Date: 2019–12
  6. By: Asier Minondo
    Abstract: Scholars present their new research at seminars and conferences, and send drafts to peers, hoping to receive comments and suggestions that will improve the quality of their work. Using a dataset of papers published in economics journals, this article measures how much peers' individual and collective comments improve the quality of research. Controlling for the quality of the research idea and author, I find that a one standard deviation increase in the number of peers' individual and collective comments increases the quality of the journal in which the research is published by 47%.
    Date: 2020–01
  7. By: Franz Dietrich (CNRS - Centre National de la Recherche Scientifique, PSE - Paris School of Economics, CES - Centre d'économie de la Sorbonne - UP1 - Université Panthéon-Sorbonne - CNRS - Centre National de la Recherche Scientifique)
    Abstract: Can a group be a standard rational agent? This would require the group to hold aggregate preferences which maximise expected utility and change only by Bayesian updating. Group rationality is possible, but the only preference aggregation rules which support it (and are minimally Paretian and continuous) are the linear-geometric rules, which combine individual tastes linearly and individual beliefs geometrically.
    Date: 2020–01–08
  8. By: Niklas Scheuer (Johannes Gutenberg University Mainz)
    Abstract: We develop a theoretical model that jointly explains optimal choices and happiness. We work with constant elasticity of substitution functions for utility and happiness. Employing a choice framework, individuals are confronted with two options. When there exists a trade-off, we determine parametric conditions for which individual happiness and utility coincide as well as oppose each other. Comparing the empirical evidence of Benjamin et al. (2012), our model can explain three out of four possible happiness-utility combinations. Regarding how individuals actually decide, our findings suggest that this is partly random. This explanation accounts for the remaining 11.2 % of individuals.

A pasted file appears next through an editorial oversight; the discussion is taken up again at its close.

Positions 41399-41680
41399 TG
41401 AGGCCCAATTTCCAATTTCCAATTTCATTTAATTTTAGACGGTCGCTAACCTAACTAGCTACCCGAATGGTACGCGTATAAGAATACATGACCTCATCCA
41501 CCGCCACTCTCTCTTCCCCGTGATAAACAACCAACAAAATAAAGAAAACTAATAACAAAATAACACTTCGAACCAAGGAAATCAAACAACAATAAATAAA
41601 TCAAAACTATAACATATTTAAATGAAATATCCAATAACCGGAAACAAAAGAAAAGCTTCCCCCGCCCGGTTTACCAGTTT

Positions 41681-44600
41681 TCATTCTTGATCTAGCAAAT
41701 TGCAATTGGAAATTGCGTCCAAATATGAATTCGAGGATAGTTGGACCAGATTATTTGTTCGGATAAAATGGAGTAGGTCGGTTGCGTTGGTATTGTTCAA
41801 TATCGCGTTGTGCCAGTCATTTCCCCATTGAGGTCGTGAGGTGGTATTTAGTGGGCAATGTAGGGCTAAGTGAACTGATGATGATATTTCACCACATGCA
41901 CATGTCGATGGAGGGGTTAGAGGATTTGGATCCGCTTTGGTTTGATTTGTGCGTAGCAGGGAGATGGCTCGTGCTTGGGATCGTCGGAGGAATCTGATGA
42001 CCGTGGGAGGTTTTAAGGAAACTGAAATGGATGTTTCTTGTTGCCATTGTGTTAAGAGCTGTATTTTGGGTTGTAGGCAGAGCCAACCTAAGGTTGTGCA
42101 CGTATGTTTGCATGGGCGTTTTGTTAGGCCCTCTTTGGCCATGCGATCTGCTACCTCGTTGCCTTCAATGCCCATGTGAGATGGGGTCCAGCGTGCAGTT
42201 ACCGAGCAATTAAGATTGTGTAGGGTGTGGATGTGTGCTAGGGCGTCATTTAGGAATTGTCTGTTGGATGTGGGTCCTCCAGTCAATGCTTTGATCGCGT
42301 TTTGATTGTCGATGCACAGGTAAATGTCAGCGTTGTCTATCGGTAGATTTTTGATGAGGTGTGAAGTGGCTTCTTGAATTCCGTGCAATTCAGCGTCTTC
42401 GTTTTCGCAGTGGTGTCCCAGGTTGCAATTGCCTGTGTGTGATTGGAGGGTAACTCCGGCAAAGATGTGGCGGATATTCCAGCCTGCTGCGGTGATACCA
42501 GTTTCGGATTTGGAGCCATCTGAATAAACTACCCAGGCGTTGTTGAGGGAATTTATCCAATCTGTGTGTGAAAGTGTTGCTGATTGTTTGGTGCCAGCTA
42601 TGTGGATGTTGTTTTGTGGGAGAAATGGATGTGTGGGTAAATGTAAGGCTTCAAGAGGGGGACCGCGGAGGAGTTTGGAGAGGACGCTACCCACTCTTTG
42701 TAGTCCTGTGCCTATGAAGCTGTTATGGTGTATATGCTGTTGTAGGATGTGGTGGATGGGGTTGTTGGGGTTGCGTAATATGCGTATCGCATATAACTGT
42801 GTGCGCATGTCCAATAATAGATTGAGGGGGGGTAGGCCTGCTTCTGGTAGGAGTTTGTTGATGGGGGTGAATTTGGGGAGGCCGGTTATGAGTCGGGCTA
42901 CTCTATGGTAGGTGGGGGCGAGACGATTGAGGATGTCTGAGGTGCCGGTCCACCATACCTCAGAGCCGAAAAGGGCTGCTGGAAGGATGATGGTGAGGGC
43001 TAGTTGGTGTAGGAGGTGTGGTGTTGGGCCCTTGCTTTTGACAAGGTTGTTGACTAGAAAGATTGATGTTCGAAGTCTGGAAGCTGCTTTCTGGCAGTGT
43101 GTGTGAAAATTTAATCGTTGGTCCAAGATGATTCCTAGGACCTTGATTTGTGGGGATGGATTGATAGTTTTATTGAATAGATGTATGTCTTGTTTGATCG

Keywords: Consumer Economics, Theory, General Welfare, Well-Being, Micro-Based Behavioral Economics
    JEL: D11 D91 I31
    Date: 2020–01–24
  9. By: Alexandre Chirat (TRIANGLE - Triangle : action, discours, pensée politique et économique - ENS Lyon - École normale supérieure - Lyon - UL2 - Université Lumière - Lyon 2 - IEP Lyon - Sciences Po Lyon - Institut d'études politiques de Lyon - Université de Lyon - UJM - Université Jean Monnet [Saint-Étienne] - CNRS - Centre National de la Recherche Scientifique)
    Abstract: Revue des livres Essais critiques : Titre recensé : Branko Milanovic, Capitalism Alone: The Future of the System That Rules the World, Cambridge, MA: Harvard University Press, 2019, 287 pages, ISBN 978-067498759-3 Paru dans : Œconomia [En ligne], 9-4 | 2019, a/7178
    Date: 2019–12–31
  10. By: Jérôme Sgard (Centre de recherches internationales)
    Abstract: On peut voir dans l’Economie classique du développement l’expression d’une époque exceptionnelle, l’après-guerre, saisie dans ses aspirations progressistes les plus vastes, les plus universelles. Paix, prospérité, émancipation nationale, multilatéralisme : ces forces nouvelles se seraient en somme liguées dans ce projet d’un monde meilleur, plus juste et construit grâce à une nouvelle technologie économique. Rarement on a vu s’exprimer de manière aussi puissante l’ancrage de la pensée économique dans les idées de progrès et de raison, et dans une disposition aussi évidemment technocratique...
    Keywords: Amérique latine; vie politique; économie du développement
    Date: 2020–01–30
  11. By: Richard Arena (GREDEG - Groupe de Recherche en Droit, Economie et Gestion - UNS - Université Nice Sophia Antipolis - UCA - Université Côte d'Azur - CNRS - Centre National de la Recherche Scientifique); Katia Caldari
    Date: 2019–12–09